Adrian Magnus Imperials Robusto
As the weather starts to warm I will be back on tracking bringing new reviews for 2024. Kicking things off I am taking a deep dive into the Adrian Magnus Imperials, a brand and cigar completely new to me. Let’s see how it shakes out.
The Good Stuff:
Adrian Magnus is a newer cigar brand that started in 2020 in Spain. The cigar are produced in the Dominican Republic and in my case, shipped direct from Hungry. Adrian Magnus is pretty secretive about their blends and they do not release a lot of information. What we do know is that the cigar contains tobacco that is aged for at least 10 years. That’s about it. The Imperials comes in two sizes: Robusto (5 x 52) and Churchill (6 x 52). Each come packed in boxes of 20 running $17.50 per stick, regardless of size. Big thanks to the Adrian Magnus team for sending a handful of these my way for review. You can find more information on the brand here.
- Size: 5 x 50
- Wrapper: Undisclosed
- Binder: Undisclosed
- Filler: Undisclosed
- Body: Medium/Full
- Strength: Medium
- Price: $17.50
The Adrian Magnus Imperials Robusto starts out with a beautifully smooth, milky brown wrapper. The texture is mostly smooth with some slight tooth around the cap area. The wrapper feels very thick and hard while the cigar is packed well and overall pretty tough. There are a few milder veins running through the cigar’s body as the wrapper is laid expertly over itself leading up to the cigar’s round, double-wrapped cap. The cigar is finished off with a simple Adrian Magnus – Geneva crest in gold, white and maroon with “Imperials” embossed across the front. There is also an added blue and gold band with the “10 Years Aged” age statement.
The wrapper on the Adrian Magnus Imperials gives off almost no scent outside of some light tobacco aromas while the foot of the cigar is lightly scented with notes of tobacco and cedar. The cap cut clean and easily using my Xikar XO double bladed cutter. The cold draw produces mostly a mixture of bready/oaky flavors with some soft spice.
The Adrian Magnus Imperials starts out with a slight splash of black pepper which faded after the first few puffs allowing the cigar to release some great notes of cedar, floral, and black herbal tea notes over some subtle saltiness, sweetness, and spice. It’s a very delicate mixture of flavors which reminds me of a cigar more catered to the European, Cuban-smoking market. Which is a good thing. The draw is perfect as each puff kicks out the requested amount of thick, gray smoke which takes no time to dissipate while the cigar releases only a small amount of smoke while it rest in my ashtray. The burn line is razor thin and dead even leaving behind a trail of very tightly compacted dark gray ash which held on for a little over a half an inch before falling into my ashtray.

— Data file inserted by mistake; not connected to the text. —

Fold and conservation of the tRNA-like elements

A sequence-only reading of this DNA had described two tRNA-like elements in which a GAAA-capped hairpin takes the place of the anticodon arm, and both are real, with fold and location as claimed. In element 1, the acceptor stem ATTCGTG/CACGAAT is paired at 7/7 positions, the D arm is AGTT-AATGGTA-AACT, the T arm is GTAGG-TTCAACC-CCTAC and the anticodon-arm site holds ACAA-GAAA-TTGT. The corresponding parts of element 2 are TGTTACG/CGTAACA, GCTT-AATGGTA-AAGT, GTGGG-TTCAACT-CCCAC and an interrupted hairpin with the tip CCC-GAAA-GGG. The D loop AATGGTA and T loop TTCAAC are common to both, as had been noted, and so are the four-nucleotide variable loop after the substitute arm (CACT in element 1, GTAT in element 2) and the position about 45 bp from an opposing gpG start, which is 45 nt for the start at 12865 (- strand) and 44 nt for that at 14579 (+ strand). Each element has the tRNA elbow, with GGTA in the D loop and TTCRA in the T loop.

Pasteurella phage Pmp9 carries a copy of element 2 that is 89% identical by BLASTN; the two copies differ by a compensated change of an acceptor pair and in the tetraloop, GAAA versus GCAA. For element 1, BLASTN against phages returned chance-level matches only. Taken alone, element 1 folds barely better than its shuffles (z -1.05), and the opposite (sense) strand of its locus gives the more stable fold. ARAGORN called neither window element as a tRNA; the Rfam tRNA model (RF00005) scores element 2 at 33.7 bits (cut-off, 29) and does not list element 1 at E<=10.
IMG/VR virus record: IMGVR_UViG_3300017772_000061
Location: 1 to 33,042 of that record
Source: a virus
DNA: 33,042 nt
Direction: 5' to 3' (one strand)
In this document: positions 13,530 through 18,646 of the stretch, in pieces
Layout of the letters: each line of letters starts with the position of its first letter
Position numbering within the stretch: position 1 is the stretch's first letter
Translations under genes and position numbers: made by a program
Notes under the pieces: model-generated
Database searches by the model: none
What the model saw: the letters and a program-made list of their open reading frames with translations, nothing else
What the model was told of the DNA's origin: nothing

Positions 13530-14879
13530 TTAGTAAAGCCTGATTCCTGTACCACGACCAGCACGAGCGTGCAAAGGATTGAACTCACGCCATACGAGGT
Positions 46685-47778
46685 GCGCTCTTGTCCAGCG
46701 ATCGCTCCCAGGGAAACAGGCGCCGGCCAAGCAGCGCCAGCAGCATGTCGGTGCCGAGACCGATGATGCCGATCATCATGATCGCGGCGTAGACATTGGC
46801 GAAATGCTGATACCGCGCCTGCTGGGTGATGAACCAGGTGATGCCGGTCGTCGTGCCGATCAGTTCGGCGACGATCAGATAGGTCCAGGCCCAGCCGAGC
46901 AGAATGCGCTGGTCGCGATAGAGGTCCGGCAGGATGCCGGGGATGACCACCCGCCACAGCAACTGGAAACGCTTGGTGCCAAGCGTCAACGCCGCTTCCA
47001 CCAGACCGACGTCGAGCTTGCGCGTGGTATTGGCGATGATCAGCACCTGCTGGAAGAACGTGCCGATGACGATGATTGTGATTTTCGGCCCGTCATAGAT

The body really starts to ramp up into the second third of the Adrian Magnus Imperials while the flavor profile creams out just a bit. The cedar/woodsy flavor now leads the charge backed by a good amount of pecan. There are lighter notes of spice and herbal tea while the overall profile becomes more dry, as the sweetness has completely dropped out. The retrohale is extremely pleasant as it coats my nasal passage with a rush of cedar and some light spice. The cigar is still burning completely solid and I close out the second third with only a very minor nicotine kick.
The body ramped up quite a bit in the second third and continued on this trend well into the final third. The flavor profile has balanced out even more as well. Right now the woodsy pecan flavors pretty much dominate the profile with only the herbal tea flavor on the aftertaste. It took me an hour and forty minutes to take this cigar down to the nub. I never once had to reach for my torch to relight, or touchup the cigar and I close out with a pretty decent little nicotine kick after the strength really jumped up in that final stretch.
There is no denying this is a great cigar. As an introduction to the Adrian Magnus brand, it starts out with a bang. I am just a little hesitant as I don’t know the make-up of the Imperials. Does that matter? No, probably not. However cigar nerds like myself tend to want the specifics. That aside the cigar performed flawlessly from start to finish. No burn issues at all. The flavor profile was great. I really appreciated the delicate notes as well as the overall components. This cigar is very expensive though which is probably the only big negative here. I do know that rare and aged tobacco becomes very expensive and it’s not the first time we have seen this approach to cigar manufacturing. I’m extremely curious on how the other lines will perform.